How many actual human beings have been tested for coronavirus in California?
Surprisingly perhaps, that’s hard to say.
Some officials seem to tell you outright: In Los Angeles County, 611,950 unique persons were tested as of May 31, according to officials and the county’s data dashboard. In San Bernardino, 62,989 patients were tested as of June 1.
In Orange and Riverside counties, though, it’s less clear. Both counties report the number of tests performed, not the number of people tested.
What’s the difference? Consider a front-line health care worker who’s been tested 25 times. If you’re counting the number of people tested, that’s one. If you’re counting the number of tests, that’s 25.
Counting tests, rather than people tested, can make it appear that testing is quite robust — and that, in turn, can be used to justify a swifter reopening of the economy.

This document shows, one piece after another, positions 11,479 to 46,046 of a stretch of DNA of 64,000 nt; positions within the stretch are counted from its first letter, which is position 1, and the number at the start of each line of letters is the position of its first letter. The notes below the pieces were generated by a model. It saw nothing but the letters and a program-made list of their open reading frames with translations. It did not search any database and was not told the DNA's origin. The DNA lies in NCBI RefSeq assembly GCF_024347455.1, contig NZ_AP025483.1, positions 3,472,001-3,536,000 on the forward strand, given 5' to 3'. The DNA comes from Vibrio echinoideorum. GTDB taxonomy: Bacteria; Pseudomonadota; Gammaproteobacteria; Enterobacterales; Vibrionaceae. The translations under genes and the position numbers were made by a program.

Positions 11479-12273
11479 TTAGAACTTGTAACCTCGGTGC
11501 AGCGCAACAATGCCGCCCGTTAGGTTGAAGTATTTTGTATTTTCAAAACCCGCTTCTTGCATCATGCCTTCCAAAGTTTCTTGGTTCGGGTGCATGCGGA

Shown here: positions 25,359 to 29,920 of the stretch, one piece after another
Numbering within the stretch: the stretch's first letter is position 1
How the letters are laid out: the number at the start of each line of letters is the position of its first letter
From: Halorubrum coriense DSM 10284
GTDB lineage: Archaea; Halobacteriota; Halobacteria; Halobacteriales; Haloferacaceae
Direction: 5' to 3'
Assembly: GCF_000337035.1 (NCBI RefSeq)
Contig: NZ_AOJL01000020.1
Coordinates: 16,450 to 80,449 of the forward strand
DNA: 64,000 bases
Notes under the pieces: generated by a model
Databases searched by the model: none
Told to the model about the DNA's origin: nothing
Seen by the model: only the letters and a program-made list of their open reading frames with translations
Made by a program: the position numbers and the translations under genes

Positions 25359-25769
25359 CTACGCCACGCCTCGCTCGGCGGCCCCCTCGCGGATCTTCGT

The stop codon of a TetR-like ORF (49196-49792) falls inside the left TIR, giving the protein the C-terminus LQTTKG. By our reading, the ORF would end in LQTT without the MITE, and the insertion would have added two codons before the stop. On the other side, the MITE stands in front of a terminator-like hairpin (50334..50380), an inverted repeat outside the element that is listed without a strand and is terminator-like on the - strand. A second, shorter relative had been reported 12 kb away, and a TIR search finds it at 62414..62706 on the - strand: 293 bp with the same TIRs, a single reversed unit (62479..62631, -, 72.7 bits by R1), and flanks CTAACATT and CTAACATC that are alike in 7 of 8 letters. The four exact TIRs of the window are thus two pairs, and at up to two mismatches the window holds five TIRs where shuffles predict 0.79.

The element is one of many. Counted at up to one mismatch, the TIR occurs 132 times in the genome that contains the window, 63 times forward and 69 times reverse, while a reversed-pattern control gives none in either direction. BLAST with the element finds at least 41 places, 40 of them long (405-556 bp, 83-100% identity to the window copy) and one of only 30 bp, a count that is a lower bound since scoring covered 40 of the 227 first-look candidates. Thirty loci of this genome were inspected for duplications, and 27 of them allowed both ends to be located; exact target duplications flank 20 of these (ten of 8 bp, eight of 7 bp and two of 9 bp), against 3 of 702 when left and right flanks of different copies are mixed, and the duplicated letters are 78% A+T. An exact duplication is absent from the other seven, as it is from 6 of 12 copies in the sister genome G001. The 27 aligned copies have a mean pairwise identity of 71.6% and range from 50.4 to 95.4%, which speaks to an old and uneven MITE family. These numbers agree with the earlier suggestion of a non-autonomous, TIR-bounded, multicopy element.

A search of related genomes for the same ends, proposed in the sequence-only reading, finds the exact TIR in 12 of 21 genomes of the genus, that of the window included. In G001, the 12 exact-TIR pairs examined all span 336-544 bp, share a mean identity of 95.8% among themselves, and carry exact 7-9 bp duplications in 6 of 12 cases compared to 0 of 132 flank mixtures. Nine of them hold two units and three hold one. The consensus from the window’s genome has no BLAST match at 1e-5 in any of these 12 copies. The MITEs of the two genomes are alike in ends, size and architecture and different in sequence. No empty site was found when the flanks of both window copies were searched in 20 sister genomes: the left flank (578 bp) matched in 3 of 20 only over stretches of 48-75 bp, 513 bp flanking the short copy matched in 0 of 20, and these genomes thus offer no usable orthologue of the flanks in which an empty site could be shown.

“Maybe I’m ignorant to the details, but the only beneficiary of reporting total tests would be those that are failing at actually expanding the testing network, failing to implement contact tracing,” said a number-cruncher who worked for state, but doesn’t want to be named for fear of reprisal.
“Creating a false image of a virus under control (high tests, low cases) would benefit those desiring economic recovery before we have even begun to respond adequately.”
Experts said that it’s not an either-or question. Both numbers are important, and both should be tracked.
Still, charges of cherry-picking data are not exactly new. In Florida, a woman who maintained that state’s COVID-19 database claimed she was fired after objecting to reporting changes that she said were designed to justify an early re-opening.